[ CogSci Summaries home | UP | email ]

Nersessian, N. J. (1992). How do scientists think? Capturing the dynamics of conceptual change in science. In Giere, R. N. (ed.) Cognitive Models of Science. 5--22. University of Minnesota Press. Minneapolis, MN.

  author = 	 {Nersessian},
  title = 	 {How do scientists think? Capturing the
 dynamics of conceptual change in science},
  year = 	 {1998},
  OPTpages = 	 {5--22},

Author of the summary: Jim Davies, 2001, jim@jimdavies.org

The actual article is online at: [ PDF]

Cite this paper for:

By examining the practices of scientists and cognitive research, we can help answer long-standing puzzles about the nature of conceptual change in science. [p4]

What great scientists do are refined outgrowths of normal cognition.[p5]

Early philosophers of science borrowed terms from Gestalt psychology. This lead to a view that conceptual change was an abrupt kind of Gestalt switch. Historically, conceptual change is gradual.[p7]

The problem: how are successive scientific conceptualizations of a domain related to each other? Some argue that the concepts are incommensurable and others argue that they grow out of the old concepts. [p8]

The cognitive-historical approach can be used to attack this problem.

Outline of a Cognitive theory of conceptual change [p9]

Scientific theories are represented as 1. propositions, 2. mental models, and 3. images

Kinematics: "how to represent change."
Dymanics: "the processes through which change is created."[p10]

Conceptual structure changes in the following ways:

  1. Creation: New concepts are created (e.g. spin)
  2. Elimination: Concepts disappear (e.g. phlogiston)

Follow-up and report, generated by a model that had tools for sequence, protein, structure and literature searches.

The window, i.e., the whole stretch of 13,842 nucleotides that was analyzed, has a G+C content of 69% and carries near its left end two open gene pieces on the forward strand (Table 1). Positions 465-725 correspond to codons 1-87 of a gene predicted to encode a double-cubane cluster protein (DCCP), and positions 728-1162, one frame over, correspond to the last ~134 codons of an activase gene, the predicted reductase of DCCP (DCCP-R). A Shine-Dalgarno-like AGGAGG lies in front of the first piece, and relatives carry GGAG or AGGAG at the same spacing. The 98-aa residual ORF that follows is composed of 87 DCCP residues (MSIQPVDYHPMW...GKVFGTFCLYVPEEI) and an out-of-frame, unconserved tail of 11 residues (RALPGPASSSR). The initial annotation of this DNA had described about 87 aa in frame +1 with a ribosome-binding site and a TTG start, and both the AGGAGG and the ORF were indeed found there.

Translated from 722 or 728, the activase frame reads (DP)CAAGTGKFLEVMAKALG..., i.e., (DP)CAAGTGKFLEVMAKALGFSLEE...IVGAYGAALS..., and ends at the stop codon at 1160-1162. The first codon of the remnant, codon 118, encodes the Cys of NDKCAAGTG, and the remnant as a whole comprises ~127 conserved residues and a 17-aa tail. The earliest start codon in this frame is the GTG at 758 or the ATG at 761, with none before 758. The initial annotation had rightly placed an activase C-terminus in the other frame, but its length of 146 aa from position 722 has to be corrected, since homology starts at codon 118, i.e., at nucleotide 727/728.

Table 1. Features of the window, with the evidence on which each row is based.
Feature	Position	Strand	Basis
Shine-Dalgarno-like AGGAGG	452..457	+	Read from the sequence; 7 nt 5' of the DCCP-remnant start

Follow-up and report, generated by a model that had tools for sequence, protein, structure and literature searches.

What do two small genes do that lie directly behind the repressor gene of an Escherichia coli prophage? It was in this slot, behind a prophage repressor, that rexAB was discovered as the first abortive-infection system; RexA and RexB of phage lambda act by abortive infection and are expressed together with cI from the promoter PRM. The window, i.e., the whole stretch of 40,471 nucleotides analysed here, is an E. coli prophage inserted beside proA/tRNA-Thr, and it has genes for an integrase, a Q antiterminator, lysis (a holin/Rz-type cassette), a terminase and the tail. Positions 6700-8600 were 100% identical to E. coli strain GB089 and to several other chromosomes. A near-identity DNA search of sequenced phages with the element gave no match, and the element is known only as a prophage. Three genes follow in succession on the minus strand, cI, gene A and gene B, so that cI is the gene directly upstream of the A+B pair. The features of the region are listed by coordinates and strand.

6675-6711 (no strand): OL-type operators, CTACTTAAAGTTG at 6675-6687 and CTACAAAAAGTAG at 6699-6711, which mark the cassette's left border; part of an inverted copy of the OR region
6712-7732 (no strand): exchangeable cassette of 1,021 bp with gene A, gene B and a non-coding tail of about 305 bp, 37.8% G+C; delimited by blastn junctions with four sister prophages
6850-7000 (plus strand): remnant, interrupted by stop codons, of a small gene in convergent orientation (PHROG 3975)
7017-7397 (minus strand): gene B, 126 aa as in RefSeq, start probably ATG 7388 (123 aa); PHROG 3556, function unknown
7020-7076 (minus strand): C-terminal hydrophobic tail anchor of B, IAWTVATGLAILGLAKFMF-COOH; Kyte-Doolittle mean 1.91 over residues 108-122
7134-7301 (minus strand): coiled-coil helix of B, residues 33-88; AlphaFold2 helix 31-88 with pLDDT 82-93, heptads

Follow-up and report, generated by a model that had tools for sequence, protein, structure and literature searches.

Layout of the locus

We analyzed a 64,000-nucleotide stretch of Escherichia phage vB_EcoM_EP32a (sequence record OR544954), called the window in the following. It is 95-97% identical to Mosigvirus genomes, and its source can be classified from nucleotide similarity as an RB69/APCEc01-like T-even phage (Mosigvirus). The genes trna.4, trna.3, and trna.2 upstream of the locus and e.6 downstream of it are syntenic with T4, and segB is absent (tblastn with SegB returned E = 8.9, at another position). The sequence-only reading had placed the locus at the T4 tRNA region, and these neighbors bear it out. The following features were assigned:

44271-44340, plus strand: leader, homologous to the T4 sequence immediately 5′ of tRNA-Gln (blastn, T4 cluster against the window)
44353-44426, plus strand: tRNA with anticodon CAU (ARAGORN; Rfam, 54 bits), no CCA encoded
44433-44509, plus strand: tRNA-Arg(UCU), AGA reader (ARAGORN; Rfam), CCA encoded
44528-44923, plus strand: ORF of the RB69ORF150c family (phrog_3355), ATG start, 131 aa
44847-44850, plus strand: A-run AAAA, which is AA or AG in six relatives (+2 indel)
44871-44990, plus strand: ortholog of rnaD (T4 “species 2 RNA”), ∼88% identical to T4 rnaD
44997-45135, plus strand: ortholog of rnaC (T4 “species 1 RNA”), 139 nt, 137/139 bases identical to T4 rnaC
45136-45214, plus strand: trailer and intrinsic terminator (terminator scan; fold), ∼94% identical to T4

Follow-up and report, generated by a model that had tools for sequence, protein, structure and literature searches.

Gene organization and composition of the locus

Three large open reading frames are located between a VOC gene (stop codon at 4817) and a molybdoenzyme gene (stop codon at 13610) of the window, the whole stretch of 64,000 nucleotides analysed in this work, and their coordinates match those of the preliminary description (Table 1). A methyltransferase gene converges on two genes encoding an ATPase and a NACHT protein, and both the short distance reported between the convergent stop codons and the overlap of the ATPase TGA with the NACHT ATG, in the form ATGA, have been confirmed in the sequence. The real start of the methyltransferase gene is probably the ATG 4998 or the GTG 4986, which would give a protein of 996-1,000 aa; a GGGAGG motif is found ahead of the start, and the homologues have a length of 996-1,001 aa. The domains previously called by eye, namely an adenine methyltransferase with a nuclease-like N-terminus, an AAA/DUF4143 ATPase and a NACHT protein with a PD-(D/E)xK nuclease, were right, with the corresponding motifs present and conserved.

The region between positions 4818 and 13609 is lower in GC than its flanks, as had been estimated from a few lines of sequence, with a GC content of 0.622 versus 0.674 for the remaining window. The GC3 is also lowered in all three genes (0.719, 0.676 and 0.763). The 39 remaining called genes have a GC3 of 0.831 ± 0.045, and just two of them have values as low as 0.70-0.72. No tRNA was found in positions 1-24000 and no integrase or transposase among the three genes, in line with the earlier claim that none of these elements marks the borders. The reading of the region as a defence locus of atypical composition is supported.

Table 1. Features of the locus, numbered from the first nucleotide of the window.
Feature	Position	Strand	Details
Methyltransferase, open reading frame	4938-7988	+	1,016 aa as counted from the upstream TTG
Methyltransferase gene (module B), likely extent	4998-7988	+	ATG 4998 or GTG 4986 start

3. Descent: Concepts descend from others, with the same name and different meaning (e.g. mass and field)
  4. Absorption: Some absorb attributes of the previous (e.g. ether to field and space-time)
  1. If meaning is represented as a set of necessary and sufficient conditions then replacement, not change, is possible.
  2. Meaning cannot be represented as a set of necessary and sufficient conditions. Psychological research supports this.
Conceptual change in science is a problem solving process.[p12]

Throughout science history we find use of: [p12]

  1. Analogy
  2. Imagistic Reasoning
  3. Thought experimentation
  4. limiting case analysis
Faraday reasoned from an imagistic representation, which figured prominantly in the construction of his unified theory of electic and magnetic processes. [p14]

Wise (1979) argues that Maxwell (1890) used imagery to create the a mathematical representation.[p17]

Maxwell used analogy to make a theory of force processes in ether. Using continuum mechanics as a source, he transferred hypotheses: 1. underlying forces were newtonian 2. "continuity of transmission with the time delay necessary for a field theory" and 3. "unification through finding the mathematical expression for the dynamical relations through which one action gives rise to another." The first was an unsuccessful transfer.[p21]

He broke the problem into subproblems, and made mappings between the electromagnetc and the mechanical properties of a fluid vortex medium. The "mistakes" he made can be explained in terms of model-based reasoning: He, at first, posits that the "displacement current" is going in the wrong direction-- the direction that would be transferred direct in an analogy.

He made an abstract schema so that in the future he wouldn't need to make an analogy. [p23]

Maxwell created a non-newtonian system out of an analogy with a newtonian system.

Summary author's notes:

Back to the Cognitive Science Summaries homepage
Cognitive Science Summaries Webmaster:
JimDavies (jim@jimdavies.org)
Last modified: Thu Apr 15 11:07:19 EDT 1999